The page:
Link to paper


  • Distributed relational database
  • Filial 1 hybrid, of
    • System community: high availability, scalability.
    • Database community: consistency and usability.
      • SQL query, automatic change tracking and publishing.
  • On Spanner: synchronous replication and strong consistency.
    • Higher commit latency
  • Mitigate high latency
    • Hierarchical schema model with structured types.
    • Smart application design.


  • Both OLTP and OLAP database for AdWords system.
    • Adwords as of 2013:
      • 100s applications; 1,000s users
      • 100TB data
      • ~1M QPS
      • SQL queries scan O(10^13) rows per day.
      • Availability: 99.999%
      • Not higher latency compared with the old MySQL backend.
    • Some other applications use it as well.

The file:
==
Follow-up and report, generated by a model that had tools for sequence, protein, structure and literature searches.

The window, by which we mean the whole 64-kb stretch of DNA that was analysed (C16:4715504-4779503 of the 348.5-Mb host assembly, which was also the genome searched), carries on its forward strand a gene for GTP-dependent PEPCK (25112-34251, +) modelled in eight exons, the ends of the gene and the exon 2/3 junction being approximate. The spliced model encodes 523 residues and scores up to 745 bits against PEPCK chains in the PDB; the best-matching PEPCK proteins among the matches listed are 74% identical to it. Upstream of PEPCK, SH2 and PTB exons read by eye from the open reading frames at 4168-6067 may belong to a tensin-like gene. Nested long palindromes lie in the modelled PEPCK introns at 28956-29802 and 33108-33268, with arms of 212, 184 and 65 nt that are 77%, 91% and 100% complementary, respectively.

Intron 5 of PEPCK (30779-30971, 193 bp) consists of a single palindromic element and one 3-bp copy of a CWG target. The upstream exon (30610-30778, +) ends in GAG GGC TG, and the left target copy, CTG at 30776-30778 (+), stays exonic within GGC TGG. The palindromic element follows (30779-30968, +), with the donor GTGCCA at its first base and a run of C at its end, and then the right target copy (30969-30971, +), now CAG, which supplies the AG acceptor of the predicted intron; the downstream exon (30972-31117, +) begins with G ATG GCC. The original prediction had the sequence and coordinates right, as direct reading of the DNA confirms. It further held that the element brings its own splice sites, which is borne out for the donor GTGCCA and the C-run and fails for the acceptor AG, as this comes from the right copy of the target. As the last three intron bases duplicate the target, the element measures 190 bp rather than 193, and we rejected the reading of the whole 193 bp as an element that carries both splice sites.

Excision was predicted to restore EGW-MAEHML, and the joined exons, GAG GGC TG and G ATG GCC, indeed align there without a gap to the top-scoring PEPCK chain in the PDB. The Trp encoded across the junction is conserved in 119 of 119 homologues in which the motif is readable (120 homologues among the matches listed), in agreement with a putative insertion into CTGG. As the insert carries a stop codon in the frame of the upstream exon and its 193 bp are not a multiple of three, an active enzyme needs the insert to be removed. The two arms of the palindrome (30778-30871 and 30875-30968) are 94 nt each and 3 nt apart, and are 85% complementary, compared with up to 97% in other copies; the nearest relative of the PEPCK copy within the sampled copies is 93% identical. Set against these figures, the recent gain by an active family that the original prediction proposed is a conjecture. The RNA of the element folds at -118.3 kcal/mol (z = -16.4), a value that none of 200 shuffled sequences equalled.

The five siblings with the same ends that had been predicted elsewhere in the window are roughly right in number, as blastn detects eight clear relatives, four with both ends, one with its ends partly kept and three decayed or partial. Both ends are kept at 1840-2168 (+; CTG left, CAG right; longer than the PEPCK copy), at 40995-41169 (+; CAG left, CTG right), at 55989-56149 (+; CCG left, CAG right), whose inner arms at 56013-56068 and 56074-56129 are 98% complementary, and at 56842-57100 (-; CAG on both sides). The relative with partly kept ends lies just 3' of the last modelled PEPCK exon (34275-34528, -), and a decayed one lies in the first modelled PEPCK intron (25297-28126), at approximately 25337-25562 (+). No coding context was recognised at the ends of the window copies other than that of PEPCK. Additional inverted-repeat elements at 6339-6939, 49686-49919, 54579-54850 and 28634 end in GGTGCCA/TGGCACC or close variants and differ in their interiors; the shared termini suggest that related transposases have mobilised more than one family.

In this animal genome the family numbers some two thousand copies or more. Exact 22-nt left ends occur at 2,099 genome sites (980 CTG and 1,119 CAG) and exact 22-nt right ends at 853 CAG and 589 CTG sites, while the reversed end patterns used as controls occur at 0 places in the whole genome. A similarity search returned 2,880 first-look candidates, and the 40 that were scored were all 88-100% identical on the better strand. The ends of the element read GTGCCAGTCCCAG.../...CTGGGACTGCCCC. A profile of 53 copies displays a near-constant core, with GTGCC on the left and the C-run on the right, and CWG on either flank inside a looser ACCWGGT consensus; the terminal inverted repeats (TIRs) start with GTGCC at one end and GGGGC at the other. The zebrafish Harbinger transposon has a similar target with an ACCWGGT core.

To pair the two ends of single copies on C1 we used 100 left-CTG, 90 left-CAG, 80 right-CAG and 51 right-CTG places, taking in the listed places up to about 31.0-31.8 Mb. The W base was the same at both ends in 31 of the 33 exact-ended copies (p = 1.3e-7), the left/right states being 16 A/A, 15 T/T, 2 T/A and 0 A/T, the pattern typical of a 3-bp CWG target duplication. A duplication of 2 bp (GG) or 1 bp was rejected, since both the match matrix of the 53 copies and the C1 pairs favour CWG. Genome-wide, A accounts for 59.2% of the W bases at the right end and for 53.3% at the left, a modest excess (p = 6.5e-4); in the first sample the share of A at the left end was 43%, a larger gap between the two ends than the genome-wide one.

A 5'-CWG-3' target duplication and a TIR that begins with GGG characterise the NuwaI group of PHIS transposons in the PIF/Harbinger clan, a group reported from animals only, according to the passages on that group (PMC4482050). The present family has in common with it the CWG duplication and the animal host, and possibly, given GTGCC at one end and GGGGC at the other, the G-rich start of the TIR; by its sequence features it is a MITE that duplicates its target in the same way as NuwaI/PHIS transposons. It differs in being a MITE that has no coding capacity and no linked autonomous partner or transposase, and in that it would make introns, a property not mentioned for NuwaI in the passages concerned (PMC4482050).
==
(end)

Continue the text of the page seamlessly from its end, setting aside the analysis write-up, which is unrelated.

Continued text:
• Built to replace old MySQL backend.

Key goals of F1’s design are as below. These goals are mutually exclusive, but F1 achieved them with trade-offs and sacrifices.

  • Scalability
    • Scale up trivially and transparently.
  • Availability
    • Must never go down for any reason.
  • Consistency
    • ACID transactions.
  • Usability
    • SQL query and other SQL features like indexes and ad hoc query.

F1 inherits features from Spanner and adds more:

  • Distributed SQL queries
  • Transactionally consistent 2nd indexes
  • Asynchronous schema changes
  • Optimistic transactions
  • Automatic change recording and publishing

To hide the high latency brought by the design, some techniques are developed:

  • F1 schema makes data clustering explicit.
    • Using hierarchical relationships and columns with structured data types.